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House Poised to Vote on Removing Marijuana from Controlled Substances Act, Opening Up Possibilities for Alternative Treatment at the VA

The Department of Veterans Affairs has long chosen not to incorporate the use of marijuana as a treatment option for veterans, listing the drug’s position on the federal controlled substances list as a primary reason.

After nine months of silence, it appears the House of Representatives will be voting soon on the Marijuana Opportunity Reinvestment and Expungement (MORE) Act. However, a specific date for the vote has not been determined.

The legislation would remove marijuana from the list of controlled substances on the Controlled Substances Act, but states would still decide on the legality of it themselves.

The MORE act, though progressing in the House, faces a likely demise in the Senate. Nevertheless, the recent move marks one of the most significant steps from Congress so far in changing the federal marijuana policy. Even if the bill fails in the Senate, the vote in the house is historic.

Even in states where marijuana is legal, the VA has not allowed their physicians to recommend its use for veteran patients. This is because of the federal prohibition. The argument is that it would put their doctors at legal risk. VA leaders have said it would take an act of congress for things to change at the department.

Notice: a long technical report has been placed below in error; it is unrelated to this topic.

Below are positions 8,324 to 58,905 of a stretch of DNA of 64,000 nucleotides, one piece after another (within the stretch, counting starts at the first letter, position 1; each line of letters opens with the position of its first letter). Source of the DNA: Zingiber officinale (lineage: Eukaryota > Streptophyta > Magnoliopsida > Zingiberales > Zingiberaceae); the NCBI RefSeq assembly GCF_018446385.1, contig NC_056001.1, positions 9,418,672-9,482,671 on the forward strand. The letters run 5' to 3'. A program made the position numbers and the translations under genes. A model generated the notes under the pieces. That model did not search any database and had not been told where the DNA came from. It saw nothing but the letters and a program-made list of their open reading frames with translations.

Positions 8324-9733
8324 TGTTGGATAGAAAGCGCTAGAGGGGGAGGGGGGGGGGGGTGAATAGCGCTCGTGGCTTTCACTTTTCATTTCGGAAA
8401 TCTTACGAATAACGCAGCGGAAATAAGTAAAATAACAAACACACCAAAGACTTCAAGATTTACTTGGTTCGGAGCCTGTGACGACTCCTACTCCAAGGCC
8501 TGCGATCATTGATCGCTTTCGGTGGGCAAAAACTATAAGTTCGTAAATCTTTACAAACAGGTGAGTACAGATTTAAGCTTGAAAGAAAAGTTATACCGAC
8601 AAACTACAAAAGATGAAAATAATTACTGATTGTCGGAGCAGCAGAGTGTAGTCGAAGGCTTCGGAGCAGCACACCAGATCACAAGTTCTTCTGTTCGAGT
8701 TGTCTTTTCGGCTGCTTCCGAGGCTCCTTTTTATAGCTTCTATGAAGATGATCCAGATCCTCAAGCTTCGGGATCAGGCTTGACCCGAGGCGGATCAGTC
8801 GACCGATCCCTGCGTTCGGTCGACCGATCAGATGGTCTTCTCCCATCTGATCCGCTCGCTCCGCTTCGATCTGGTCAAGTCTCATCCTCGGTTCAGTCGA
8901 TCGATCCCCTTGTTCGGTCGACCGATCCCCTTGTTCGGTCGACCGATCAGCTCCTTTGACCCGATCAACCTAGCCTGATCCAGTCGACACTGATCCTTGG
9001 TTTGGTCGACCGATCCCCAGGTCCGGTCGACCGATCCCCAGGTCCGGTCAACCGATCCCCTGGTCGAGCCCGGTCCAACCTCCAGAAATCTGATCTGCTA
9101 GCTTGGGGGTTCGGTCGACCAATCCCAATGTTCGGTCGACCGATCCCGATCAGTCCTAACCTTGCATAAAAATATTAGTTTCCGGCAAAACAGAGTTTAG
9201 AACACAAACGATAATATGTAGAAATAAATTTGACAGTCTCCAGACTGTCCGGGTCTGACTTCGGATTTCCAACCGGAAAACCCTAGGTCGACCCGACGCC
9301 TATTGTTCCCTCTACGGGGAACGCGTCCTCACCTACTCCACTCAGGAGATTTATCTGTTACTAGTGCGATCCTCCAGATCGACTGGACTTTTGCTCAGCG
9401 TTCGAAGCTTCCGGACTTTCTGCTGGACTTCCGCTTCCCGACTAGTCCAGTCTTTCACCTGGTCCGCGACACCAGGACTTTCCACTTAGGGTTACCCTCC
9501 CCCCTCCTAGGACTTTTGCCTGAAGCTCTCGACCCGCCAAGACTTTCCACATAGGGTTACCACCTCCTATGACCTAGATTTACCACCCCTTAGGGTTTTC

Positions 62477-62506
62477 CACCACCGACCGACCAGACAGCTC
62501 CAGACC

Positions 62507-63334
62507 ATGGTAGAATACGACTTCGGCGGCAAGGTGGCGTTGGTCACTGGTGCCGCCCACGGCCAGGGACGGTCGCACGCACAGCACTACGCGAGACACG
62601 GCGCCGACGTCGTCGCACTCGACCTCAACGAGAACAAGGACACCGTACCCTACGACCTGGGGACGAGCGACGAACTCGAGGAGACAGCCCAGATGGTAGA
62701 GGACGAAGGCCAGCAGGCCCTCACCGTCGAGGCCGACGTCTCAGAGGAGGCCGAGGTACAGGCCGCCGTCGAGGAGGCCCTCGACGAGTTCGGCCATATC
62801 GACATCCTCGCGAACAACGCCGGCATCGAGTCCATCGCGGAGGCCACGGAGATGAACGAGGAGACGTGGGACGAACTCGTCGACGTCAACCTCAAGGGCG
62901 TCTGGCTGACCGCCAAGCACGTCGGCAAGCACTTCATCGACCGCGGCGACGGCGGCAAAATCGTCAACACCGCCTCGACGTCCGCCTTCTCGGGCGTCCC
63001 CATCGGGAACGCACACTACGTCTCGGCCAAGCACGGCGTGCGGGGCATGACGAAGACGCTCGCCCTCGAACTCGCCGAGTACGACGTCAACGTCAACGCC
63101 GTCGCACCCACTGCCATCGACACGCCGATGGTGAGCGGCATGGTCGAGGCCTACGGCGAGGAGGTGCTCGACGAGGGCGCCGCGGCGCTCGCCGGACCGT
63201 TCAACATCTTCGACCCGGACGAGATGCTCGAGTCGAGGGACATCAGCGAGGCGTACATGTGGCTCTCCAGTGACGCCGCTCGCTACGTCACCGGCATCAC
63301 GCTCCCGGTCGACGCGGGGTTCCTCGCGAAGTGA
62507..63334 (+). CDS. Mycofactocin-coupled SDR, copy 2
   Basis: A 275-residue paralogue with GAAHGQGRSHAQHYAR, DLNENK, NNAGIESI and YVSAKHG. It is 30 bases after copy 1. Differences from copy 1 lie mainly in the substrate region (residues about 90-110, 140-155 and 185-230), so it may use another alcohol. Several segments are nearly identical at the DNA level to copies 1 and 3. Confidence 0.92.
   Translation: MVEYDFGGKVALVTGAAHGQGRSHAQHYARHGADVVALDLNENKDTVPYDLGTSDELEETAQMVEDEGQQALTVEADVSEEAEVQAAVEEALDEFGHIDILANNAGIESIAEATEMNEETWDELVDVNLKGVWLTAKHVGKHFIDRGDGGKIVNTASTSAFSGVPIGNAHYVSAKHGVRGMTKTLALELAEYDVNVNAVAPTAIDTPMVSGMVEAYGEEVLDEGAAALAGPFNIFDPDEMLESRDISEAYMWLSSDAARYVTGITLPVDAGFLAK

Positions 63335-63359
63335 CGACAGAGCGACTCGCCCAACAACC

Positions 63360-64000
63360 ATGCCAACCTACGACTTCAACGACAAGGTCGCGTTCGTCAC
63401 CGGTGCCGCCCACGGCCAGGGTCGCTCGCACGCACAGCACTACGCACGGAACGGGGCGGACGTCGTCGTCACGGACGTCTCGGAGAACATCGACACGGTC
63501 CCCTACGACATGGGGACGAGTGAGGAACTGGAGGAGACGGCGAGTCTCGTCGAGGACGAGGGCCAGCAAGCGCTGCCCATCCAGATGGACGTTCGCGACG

The legislation contains a specific provision for veterans that would allow VA doctors, or contracted doctors, to make treatment recommendations to veterans that qualify in states where marijuana is legal. So far, 33 states and the District of Columbia have legalized medical marijuana. Additionally, polls have shown that most Americans believe the drug for medicinal uses should be legal.

Any legislation thus far has been met with opposition from VA leaders and Senate Republican leaders. There are some veterans who have also opposed such legislation, worrying that their potential use of marijuana would jeopardize their VA benefits. As a result, lawmakers have introduced bills to prevent that exact scenario, though none have passed thus far.

Though no real significant progress has been made, both sides of the aisle seem to agree that there is a need for the VA to study the potential use of marijuana as treatment, suggesting that there would be bipartisan support if such studies yielded positive results.

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